ABOUT PROJECT

Climate change is one of important environmental challenges of 21st century. Nearly 700 million rural populations directly depend on climate-sensitive sectors (agriculture, forests and fisheries) and natural resources (such as freshwater, mangroves, coastal zones, grasslands and biodiversity) for their subsistence and livelihoods. Any adverse impact on water availability due to recession of glaciers, decrease in rainfall and increased flooding in certain areas would threaten food security. The impacts are already being felt in India. India is bestowed with vast and varied inland open-waters which form the traditional sources of fisheries supporting a large number of landless poor fishers. In recent times, fish production from these resources has declined due to increased man-centric interventions. The resultant impact has been an erosion of livelihood base for the traditional fishers, who depend exclusively on these resources for their livelihood and nutritional security. Fisheries sector is known to supplement protein food to weaker section of the society. Communities that depend on inland fisheries resources are likely to be vulnerable to climate change. Climate change is only one among many environmental and anthropogenic stresses faced by inland fisheries but is likely to exacerbate the effect of other stressors in years to come.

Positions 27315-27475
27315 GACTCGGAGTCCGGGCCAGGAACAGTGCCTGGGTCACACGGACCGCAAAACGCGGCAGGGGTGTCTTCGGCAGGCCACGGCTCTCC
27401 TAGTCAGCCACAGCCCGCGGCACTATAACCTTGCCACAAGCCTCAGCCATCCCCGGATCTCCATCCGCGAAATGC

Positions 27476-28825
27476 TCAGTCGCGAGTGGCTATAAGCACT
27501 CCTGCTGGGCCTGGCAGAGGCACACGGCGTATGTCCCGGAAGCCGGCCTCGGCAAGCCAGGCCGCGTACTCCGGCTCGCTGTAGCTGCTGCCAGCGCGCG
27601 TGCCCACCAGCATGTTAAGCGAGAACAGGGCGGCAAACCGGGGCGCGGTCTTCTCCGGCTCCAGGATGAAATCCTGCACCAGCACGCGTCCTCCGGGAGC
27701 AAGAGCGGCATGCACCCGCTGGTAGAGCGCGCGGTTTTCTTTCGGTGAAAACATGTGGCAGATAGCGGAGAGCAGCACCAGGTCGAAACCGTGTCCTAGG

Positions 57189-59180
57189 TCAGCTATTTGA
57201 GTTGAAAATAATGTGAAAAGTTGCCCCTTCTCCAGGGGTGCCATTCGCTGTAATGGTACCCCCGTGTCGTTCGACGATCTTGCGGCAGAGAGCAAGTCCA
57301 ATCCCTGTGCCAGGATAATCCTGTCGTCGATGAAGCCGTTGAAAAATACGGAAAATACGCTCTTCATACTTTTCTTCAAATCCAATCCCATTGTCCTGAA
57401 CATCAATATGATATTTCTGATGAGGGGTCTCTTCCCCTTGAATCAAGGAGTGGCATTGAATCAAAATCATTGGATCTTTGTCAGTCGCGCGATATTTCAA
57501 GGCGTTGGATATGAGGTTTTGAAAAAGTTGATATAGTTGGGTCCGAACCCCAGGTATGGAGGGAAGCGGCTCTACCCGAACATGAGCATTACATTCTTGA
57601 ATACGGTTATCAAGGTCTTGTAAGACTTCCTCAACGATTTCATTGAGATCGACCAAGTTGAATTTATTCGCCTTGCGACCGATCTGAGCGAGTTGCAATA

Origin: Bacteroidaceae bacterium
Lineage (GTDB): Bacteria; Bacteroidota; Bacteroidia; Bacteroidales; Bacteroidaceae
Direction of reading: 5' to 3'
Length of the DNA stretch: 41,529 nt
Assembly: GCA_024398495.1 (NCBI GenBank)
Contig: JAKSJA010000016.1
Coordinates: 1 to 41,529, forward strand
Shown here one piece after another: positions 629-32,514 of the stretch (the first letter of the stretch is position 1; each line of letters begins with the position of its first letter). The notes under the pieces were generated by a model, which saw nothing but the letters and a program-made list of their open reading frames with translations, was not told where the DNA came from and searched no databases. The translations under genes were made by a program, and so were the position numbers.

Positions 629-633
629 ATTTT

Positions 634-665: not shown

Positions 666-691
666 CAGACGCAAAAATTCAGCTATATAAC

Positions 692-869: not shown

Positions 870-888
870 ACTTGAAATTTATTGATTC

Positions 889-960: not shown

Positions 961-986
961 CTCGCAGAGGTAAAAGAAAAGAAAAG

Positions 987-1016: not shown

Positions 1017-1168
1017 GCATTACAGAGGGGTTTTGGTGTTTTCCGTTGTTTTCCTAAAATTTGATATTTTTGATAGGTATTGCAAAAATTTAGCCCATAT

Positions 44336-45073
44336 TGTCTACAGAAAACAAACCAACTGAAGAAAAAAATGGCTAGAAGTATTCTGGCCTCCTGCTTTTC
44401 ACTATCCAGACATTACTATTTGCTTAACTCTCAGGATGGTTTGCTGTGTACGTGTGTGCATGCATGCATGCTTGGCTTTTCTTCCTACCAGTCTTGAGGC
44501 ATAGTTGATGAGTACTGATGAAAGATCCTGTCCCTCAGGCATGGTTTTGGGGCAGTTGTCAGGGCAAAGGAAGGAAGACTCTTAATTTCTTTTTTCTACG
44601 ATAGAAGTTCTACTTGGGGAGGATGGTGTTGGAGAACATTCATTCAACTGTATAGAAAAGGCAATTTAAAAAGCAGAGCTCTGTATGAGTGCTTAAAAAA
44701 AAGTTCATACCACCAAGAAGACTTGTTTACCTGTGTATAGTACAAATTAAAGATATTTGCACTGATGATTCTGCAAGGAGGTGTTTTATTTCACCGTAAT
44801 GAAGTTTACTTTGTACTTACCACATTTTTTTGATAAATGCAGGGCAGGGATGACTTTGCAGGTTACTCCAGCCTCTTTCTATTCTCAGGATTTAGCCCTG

The Central Inland Fisheries Research Institute initiated research on climate change way back in 2004 under the ICAR research project 'Impact, Adaptation and Vulnerability of Indian Agriculture to Climate Change' and is being continued under the ICAR Project 'National Innovations on Climate Resilient Agriculture' (NICRA). In the last 11 years the Institute has emerged as the nodal organization on climate change research on Inland Fisheries in the country.

NICRA Team, Headquarters, ICAR- CIFRI
NICRA TEAM of Headquarters


NICRA Team, ICAR- CIFRI Northern Regional Center, Guwahati
< NICRA TEAM of Headquarters


NICRA Team, ICAR- CIFRI, Bangalore
NICRA TEAM of Headquarters